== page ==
BOOK REVIEW You want to send your child to a UK independent school. Where do you go for the best advice?

I was recently sent a copy of Independent School Entrance by Victoria Barker, the latest in the series of ‘Parent Brief’ books published by Gresham Books, and I was impressed. The author – who has two children of her own, one of whom has passed through the UK independent school system and the other of whom is still working her way through it – was inspired to write the book because of her own experience: when she relocated from Australia 8 years ago, she found the system complex and in parts hard to grasp; in learning – the hard way – to navigate through the processes associated with applying to independent schools, she has gathered a wealth of information which she is now able to share, for the distinct benefit of prospective parents.

Down-to-earth advice for parents lies at the heart of the book, and this is probably what makes it so distinctive and such an appealing read. Heads of schools will, too, find themselves nodding in agreement with the very straightforward approach that the book adopts to preparing children for interview, for instance – ‘give your child control’, ‘encourage your child to think critically’, ‘keep anxieties to yourself’, and – crucially – ‘just be there’. Eternal truths such as these sit alongside very up-to-date information about the range of examinations and the availability of bursaries and scholarships, together with a range of well-tested and recommended resources.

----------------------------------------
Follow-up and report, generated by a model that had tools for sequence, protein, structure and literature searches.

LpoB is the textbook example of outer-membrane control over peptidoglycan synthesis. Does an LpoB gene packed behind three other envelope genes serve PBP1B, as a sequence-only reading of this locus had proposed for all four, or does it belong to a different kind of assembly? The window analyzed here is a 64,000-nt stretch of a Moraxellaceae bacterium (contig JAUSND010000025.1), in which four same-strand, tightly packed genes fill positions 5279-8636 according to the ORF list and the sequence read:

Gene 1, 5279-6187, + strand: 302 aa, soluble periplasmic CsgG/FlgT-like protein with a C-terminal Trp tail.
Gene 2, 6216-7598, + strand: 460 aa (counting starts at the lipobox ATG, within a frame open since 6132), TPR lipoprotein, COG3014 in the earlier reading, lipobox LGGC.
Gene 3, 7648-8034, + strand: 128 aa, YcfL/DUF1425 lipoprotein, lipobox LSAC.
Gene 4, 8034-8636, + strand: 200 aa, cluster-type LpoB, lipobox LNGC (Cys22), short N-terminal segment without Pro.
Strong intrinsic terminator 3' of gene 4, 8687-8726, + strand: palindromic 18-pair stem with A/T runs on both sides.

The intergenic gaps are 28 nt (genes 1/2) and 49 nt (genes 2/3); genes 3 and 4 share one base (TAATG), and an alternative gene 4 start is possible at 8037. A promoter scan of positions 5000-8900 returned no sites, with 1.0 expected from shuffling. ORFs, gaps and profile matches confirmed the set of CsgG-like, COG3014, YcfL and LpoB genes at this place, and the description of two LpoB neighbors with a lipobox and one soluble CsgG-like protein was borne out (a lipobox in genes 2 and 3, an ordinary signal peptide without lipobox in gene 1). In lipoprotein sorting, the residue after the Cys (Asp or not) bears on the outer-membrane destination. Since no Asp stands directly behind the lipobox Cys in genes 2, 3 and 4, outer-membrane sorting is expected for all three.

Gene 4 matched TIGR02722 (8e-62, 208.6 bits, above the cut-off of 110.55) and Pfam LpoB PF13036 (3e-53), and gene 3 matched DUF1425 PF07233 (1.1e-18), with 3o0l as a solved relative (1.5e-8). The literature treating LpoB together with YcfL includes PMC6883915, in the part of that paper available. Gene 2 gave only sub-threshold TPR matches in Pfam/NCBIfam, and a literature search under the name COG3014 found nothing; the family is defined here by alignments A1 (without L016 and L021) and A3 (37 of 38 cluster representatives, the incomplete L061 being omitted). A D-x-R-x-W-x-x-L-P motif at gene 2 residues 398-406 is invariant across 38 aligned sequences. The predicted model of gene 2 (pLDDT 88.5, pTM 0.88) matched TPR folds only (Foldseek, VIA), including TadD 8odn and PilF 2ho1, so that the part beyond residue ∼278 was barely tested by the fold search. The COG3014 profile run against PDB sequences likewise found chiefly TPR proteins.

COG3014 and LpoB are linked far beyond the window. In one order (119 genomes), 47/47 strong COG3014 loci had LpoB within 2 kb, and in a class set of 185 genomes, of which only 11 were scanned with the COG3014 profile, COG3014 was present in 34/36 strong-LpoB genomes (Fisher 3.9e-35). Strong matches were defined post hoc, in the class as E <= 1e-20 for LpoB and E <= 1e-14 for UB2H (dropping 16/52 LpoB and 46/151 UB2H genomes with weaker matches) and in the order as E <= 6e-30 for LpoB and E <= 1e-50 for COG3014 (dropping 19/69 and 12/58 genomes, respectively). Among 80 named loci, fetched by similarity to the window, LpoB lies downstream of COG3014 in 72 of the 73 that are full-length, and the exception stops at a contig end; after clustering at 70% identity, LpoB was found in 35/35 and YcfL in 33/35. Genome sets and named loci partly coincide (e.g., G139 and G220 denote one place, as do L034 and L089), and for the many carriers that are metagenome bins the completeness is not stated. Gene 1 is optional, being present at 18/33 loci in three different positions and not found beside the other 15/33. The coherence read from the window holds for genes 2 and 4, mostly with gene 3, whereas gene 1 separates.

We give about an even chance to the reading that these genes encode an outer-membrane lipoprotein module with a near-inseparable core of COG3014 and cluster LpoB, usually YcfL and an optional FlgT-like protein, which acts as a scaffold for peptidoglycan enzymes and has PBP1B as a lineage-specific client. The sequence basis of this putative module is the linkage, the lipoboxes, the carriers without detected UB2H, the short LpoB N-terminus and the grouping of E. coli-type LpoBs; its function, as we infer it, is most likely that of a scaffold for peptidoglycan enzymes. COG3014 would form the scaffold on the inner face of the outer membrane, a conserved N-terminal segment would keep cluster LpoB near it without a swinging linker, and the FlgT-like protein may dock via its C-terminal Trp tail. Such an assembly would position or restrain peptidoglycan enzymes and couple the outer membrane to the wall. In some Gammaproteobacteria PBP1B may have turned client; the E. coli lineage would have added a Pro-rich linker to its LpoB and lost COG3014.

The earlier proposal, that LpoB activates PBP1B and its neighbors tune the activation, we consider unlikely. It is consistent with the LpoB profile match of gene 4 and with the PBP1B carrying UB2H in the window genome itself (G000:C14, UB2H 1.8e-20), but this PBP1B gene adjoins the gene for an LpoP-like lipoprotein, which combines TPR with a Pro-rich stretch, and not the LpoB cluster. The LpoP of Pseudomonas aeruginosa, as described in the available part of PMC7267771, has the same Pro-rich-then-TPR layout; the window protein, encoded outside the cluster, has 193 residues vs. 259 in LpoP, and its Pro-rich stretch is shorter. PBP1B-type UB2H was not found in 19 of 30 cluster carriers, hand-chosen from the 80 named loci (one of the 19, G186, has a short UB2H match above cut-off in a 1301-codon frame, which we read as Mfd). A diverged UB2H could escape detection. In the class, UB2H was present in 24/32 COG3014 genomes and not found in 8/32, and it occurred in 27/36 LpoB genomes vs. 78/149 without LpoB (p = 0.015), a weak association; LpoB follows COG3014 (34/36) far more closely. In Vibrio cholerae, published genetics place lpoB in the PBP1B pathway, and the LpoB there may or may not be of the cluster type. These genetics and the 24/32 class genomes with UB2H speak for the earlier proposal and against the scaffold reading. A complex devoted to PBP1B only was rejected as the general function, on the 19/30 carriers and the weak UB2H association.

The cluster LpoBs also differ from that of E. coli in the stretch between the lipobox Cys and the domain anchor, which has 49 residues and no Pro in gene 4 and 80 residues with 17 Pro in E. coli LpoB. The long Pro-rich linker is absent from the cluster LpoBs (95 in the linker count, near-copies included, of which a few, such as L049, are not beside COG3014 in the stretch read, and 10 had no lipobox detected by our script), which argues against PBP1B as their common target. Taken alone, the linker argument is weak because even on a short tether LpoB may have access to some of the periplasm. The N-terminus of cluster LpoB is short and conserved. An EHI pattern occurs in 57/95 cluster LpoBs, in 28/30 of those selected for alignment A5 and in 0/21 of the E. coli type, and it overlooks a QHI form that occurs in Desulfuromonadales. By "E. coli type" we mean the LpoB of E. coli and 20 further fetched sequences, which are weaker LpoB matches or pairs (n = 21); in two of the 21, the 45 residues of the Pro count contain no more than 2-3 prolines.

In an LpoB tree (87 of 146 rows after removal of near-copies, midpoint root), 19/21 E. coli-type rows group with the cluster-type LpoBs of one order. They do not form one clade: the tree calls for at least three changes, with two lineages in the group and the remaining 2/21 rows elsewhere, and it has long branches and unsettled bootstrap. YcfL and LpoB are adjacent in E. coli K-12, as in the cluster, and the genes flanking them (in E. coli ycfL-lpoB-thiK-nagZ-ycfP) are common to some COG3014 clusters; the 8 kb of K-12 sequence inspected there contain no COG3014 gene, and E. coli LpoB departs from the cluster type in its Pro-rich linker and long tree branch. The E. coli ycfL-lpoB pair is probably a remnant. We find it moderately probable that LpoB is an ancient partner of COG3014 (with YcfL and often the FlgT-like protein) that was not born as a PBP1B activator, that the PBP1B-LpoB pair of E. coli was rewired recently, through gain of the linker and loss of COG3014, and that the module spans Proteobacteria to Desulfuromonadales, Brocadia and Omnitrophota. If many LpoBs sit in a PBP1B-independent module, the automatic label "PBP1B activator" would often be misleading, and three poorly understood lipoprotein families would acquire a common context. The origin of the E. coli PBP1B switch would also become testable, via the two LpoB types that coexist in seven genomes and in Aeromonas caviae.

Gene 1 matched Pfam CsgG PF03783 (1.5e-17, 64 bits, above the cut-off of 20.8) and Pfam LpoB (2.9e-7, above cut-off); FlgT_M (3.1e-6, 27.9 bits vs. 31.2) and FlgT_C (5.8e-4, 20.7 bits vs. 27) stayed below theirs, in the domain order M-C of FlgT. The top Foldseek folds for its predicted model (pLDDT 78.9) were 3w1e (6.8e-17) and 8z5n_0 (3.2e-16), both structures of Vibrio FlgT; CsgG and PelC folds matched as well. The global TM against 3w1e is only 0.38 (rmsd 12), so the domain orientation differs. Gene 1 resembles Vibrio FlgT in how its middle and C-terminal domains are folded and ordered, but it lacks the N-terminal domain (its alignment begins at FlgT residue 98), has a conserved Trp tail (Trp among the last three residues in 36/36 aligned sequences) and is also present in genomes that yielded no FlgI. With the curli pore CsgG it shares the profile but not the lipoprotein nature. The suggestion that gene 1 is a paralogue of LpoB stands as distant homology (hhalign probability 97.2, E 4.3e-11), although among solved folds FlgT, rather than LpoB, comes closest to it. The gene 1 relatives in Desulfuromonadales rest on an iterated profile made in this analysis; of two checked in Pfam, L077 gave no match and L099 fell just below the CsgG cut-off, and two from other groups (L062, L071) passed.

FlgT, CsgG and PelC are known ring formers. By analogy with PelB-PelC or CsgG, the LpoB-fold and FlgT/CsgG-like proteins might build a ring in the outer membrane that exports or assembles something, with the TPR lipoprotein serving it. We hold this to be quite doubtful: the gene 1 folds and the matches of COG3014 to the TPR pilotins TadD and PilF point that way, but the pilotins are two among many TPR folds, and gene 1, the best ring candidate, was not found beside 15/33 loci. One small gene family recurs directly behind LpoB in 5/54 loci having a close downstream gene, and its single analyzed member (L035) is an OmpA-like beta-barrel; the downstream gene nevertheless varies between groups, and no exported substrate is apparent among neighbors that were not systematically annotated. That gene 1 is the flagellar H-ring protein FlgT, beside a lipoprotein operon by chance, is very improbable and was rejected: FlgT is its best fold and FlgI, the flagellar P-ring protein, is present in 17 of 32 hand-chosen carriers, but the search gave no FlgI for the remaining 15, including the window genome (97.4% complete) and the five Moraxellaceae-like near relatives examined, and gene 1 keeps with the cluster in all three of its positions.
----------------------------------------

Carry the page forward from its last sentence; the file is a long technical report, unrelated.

As Clarissa Farr, High Mistress of St Paul’s Girls’ School, comments in her introduction, this is a “practical, no-nonsense guide”. It is eminently readable, and manages to be both highly informative and immensely reassuring to parents, leaving practically no angle of the application process untouched. From insights into costs and what to expect in applying, to balanced commentary on tutoring and how to work out what kind of school will suit your child, this is a book which has been cleverly put together – with, as a pleasant bonus, some stunning and uplifting photography – to demystify the independent schools’ sector and to encourage parents to think seriously about how to apply successfully for a place for their child at one of the many hundreds of great independent schools for which the UK is renowned. It is little surprise, therefore, that it is fully endorsed by the Good Schools Guide.

If you are a parent who is considering applying for a place in the independent sector, this book will hold your hand. Well worth a read.

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